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hdace
08-25-2008, 12:30 AM
This feels like a dumb question for me because I've been successfully modeling humans and organic objects generally for several years without any agonizing over this sort of thing. I'm doing my first car and I don't think I'm very good at it yet. I've read the tutorial on this site carefully but newer cars seem to have issues.

I've created the round part of the fender that goes around the wheel and the headlamp separately to get their shapes perfect. All I want to do is put one or two polys between them but doing so always distorts the nice shapes of the previous geometry and no amount of jiggling around points gets the shapes back to where they should be.

I've tried adjusting the SubPatch Weights but that doesn't really help much either. Is there some trick I'm missing? I try using extend (e) and welding and just clicking on the original points and hitting p with virtually the same results.

Any advice appreciated. Thanks, Hal

meshpig
08-25-2008, 01:27 AM
Try not just one extend but 3 0r 4+, usually the curve you imagine is right but it needs more on either side to correct...

-Probably because you don't encounter hard edges in the human form?

m:)

hrgiger
08-25-2008, 07:05 AM
I've created the round part of the fender that goes around the wheel and the headlamp separately to get their shapes perfect. All I want to do is put one or two polys between them but doing so always distorts the nice shapes of the previous geometry and no amount of jiggling around points gets the shapes back to where they should be.

I've tried adjusting the SubPatch Weights but that doesn't really help much either. Is there some trick I'm missing? I try using extend (e) and welding and just clicking on the original points and hitting p with virtually the same results.

Any advice appreciated. Thanks, Hal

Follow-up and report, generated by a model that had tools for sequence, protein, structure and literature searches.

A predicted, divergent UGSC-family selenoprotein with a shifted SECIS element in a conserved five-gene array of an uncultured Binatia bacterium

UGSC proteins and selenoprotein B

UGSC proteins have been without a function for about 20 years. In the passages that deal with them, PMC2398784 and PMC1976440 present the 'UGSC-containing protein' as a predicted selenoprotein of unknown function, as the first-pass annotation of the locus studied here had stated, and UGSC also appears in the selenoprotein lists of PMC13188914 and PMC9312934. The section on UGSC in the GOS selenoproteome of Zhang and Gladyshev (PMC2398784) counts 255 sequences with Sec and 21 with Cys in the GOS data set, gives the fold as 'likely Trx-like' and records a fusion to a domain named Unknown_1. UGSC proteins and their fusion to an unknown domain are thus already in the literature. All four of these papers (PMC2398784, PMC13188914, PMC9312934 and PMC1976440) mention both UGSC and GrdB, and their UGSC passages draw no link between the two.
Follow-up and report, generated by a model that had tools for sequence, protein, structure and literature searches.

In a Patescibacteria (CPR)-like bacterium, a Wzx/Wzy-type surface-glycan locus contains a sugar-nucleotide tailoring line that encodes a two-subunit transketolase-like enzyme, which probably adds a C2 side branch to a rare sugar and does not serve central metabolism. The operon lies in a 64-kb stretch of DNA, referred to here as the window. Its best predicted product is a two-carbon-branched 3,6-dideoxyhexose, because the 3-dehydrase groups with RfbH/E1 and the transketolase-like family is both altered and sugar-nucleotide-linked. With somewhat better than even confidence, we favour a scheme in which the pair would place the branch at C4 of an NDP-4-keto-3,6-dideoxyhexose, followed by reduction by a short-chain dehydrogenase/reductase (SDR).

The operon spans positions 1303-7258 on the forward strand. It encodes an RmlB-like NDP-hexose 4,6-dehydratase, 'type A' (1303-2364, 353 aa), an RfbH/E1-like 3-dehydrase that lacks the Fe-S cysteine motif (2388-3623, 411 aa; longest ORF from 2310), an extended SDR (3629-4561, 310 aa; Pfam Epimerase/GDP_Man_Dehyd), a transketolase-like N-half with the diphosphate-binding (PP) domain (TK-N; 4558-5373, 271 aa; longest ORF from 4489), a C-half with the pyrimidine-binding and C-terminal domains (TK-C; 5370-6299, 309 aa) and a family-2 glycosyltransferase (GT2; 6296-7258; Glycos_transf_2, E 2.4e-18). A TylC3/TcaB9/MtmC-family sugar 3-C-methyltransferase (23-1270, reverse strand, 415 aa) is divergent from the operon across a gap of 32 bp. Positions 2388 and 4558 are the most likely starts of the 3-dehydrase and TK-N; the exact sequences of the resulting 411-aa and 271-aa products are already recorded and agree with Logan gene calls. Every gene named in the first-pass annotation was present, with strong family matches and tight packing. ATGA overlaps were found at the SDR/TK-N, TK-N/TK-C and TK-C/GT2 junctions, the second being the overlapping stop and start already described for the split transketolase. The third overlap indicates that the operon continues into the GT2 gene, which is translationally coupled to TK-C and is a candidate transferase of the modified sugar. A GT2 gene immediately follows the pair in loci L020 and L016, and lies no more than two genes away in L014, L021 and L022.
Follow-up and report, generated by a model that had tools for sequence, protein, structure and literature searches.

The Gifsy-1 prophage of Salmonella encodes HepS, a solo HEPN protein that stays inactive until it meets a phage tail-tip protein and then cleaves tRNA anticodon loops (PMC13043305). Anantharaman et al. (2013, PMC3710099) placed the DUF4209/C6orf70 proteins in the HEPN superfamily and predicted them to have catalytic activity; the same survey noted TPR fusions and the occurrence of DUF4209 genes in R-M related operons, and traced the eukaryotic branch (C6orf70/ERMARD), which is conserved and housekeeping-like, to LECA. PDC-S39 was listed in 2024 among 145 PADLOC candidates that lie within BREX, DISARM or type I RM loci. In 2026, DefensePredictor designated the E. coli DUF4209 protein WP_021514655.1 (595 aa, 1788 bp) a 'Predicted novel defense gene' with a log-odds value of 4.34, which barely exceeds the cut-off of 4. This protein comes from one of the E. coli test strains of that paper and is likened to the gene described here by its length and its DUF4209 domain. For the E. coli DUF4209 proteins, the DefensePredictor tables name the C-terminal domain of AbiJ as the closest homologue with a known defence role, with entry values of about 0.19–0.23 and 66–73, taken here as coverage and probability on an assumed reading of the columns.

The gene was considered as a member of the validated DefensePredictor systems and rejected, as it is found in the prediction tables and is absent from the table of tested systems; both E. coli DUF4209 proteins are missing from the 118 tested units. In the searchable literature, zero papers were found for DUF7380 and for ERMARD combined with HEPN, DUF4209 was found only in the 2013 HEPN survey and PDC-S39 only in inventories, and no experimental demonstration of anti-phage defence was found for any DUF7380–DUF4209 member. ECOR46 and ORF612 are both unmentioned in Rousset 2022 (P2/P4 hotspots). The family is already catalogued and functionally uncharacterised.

It sounds like you're not understanding how subpatch works. I assume you're using subpatches, correct? Also, it always helps to show a screenshot, preferably with a before and after adding the polygons.

Subpatching is subdividing your polygons and smoothing them at the same time. When you add geometry like you are, you're lessening the curvature(or smoothing) between your points which is having the effect of forming a tighter curve which is why it's distorting your original shape. You need to plan for the placement of your geometry when you are modeling to get the shapes you are after. When you add geometry to an existing mesh, the closer you add that to another edge, the more of a crease that you are going to get.

You can get some more information about subpatch modeling and the effect of adding geometry here: http://www.lightwiki.com/Fundamentals_of_Subpatch_Modeling_Part_Two
I would look at some different pages while you are there as well.

hdace
08-31-2008, 05:23 PM
Probably because you don't encounter hard edges in the human form?

Quite.

hdace
08-31-2008, 05:31 PM
When you add geometry to an existing mesh, the closer you add that to another edge, the more of a crease that you are going to get.

I'm glad you mentioned that. I intuitively knew it but sometimes it's really helpful to state an axiom clearly just to remind someone how to work.

But the rest of the stuff you mention I of course already knew from modeling organic objects.

No, the 'trick' I was looking for was something that I've very rarely used previously which is why I couldn't remember it. I knew there was something... and it was to use freeze and then build 'faces' geometry around it (instead of subpatch). Whenever I need something nice and curvy and smooth I use subpatch temporarily, freeze it when I'm done, then revert to unsubpatched face polys instead. If you keep the poly count a little higher and more detailed than one might do when using subpatches, one really can't tell the difference. The car's looking terrific now, BTW.

Cheers, Hal

Surrealist.
09-01-2008, 12:39 AM
You might want to also take a look at my tutorial. I go into some of these "axioms" if you will. Something that might help with your further understanding.